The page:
Elections Information

Find out more about Elections in Singapore

  • 30 June–8 July: Campaigning Period
  • 2 July: First Political Party Broadcast
  • 3–8 July: Constituency Political Broadcasts
  • 9 July: Cooling-off Day and Second Political Party Broadcast
  • 10 July: Polling Day

Prospective candidates are required to submit their nomination papers and certificates to the Returning Officer, in duplicate and in person, at the nomination centre between 11 am and 12 noon, accompanied by their proposers, seconders and at least four assentors.

At the close of the nomination period, where only one candidate (SMC), or one group of candidates (GRC) stands nominated, the Returning Officer will declare at the nomination centre that the candidate or the group of candidates have been elected and will be returned as MP(s). This is also called a walkover.

Where more than one candidate (SMC) or more than one group of candidates (GRC) stand nominated in a particular electoral division, the Returning Officer will adjourn the election to a date where a poll will be taken, i.e. Polling Day.

Source: https://www.eld.gov.sg/elections_parliamentary.html

The eve of Polling Day is designated as Cooling-off Day, a day when election campaigning is prohibited. This 24-hour campaign silence period is to give voters some time to reflect rationally on issues raised during the election before going to the polls.

There are some exceptions to the prohibition of campaign activities on Cooling-off Day, which also applies to Polling Day.

Source: https://www.eld.gov.sg/elections_parliamentary.html

It is the day you cast your vote.

On Polling Day, qualified electors can go to their allotted polling stations to cast their votes any time between 8 am and 8 pm. Overseas Singaporeans who are registered as overseas electors can cast their votes at the overseas polling stations allotted to them.

Due to difference in time zone, voting at some overseas polling stations may take place before the poll starts in Singapore. However, all overseas polling stations have to close before the poll ends in Singapore. After an overseas poll is closed, the ballot boxes will be brought back to Singapore for counting and they must reach the Returning Officer within 10 days after Polling Day in Singapore in order for the votes contained in that ballot box to be counted. The Returning Officer has the discretion to extend time by another 7 days for the overseas ballot boxes to reach Singapore if the total number of overseas electors is material to the election outcome and the Returning Officer is satisfied that any of the overseas ballot boxes is not likely to reach Singapore within the initial 10-day period.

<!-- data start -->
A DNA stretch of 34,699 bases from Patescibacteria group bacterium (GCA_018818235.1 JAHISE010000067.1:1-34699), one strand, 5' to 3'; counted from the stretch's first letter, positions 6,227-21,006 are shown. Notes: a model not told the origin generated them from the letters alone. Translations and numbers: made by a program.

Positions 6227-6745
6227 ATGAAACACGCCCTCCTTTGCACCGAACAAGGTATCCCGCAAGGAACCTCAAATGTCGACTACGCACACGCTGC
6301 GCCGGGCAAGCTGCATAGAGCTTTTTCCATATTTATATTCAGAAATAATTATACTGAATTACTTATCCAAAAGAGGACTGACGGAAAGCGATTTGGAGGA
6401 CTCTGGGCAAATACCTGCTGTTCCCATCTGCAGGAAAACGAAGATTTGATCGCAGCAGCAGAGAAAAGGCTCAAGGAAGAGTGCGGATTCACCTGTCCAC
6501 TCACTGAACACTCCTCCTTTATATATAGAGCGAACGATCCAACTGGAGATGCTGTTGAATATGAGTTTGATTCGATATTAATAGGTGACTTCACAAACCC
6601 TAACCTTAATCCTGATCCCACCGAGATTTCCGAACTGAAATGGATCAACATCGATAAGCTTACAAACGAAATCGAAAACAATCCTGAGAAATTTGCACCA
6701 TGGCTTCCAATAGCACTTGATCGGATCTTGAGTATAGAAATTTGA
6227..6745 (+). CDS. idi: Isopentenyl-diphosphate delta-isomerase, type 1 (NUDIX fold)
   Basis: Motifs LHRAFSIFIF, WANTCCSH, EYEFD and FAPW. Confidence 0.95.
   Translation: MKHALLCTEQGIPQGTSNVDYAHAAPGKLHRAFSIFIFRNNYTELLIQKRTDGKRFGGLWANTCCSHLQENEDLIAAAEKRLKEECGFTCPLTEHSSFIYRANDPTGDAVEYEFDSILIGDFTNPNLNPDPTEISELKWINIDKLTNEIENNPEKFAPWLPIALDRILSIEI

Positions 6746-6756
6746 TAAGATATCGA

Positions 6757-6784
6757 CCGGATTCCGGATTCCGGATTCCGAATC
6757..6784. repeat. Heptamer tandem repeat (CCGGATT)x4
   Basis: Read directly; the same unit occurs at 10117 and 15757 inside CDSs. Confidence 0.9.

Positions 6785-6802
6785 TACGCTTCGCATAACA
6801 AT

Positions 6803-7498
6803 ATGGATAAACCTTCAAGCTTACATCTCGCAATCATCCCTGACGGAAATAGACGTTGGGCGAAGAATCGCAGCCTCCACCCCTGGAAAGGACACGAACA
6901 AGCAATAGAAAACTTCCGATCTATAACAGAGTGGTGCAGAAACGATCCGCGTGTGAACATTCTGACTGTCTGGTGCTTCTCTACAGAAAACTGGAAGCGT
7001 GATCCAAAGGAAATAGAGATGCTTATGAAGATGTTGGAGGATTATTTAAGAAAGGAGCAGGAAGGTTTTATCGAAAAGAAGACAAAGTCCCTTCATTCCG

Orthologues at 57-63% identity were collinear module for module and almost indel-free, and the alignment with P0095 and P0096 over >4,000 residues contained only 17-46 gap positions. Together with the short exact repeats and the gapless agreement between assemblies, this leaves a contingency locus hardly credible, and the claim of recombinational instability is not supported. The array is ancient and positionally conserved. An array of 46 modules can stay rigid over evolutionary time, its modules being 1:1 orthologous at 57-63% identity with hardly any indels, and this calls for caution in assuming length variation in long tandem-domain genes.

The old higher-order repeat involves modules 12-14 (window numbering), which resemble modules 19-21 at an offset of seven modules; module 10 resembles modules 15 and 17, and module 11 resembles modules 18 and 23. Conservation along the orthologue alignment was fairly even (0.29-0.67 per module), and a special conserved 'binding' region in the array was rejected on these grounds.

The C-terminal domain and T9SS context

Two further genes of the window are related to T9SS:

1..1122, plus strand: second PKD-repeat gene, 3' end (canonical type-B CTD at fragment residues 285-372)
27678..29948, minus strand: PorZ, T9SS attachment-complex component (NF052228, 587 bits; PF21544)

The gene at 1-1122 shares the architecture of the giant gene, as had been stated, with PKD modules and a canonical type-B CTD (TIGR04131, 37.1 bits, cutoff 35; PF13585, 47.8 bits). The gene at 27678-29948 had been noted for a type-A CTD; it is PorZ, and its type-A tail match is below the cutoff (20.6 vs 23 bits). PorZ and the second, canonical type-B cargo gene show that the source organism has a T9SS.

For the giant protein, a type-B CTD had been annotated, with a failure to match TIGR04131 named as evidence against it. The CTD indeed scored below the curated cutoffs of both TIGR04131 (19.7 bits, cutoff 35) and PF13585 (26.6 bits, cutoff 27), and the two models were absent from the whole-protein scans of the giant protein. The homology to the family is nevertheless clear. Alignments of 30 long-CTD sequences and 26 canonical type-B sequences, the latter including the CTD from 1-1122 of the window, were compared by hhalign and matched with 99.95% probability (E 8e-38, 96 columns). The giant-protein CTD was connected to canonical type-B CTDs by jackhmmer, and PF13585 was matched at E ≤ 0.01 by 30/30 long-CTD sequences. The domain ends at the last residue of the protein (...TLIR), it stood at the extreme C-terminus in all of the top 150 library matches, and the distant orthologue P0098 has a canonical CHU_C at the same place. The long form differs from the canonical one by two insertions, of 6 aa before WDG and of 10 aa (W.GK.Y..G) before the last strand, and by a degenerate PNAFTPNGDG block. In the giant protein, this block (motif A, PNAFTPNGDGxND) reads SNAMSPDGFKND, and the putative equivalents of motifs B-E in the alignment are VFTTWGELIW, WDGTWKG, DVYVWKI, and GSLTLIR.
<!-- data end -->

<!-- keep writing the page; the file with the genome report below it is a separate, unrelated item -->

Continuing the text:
After the close of polls in Singapore, the ballot boxes containing the votes cast will be sealed and transported to the respective counting centres.

Source: https://www.eld.gov.sg/elections_parliamentary.html

  • Aljunied 151,007
  • Ang Mo Kio 185,465
  • Bishan-Toa Payoh 101,366
  • Bukit Batok 29,950
  • Bukit Panjang 35,497
  • Chua Chu Kang 106,693
  • East Coast 121,772
  • Holland-Bukit Timah 115,012
  • Hong Kah North 28,071
  • Hougang 26,468
  • Jalan Besar 107,936
  • Jurong 131,234
  • Kebun Baru 22,653
  • MacPherson 28,564
  • Marine Parade 139,738
  • Marsiling-Yew Tee 117,176
  • Marymount 23,444
  • Mountbatten 24,267
  • Nee Soon 147,047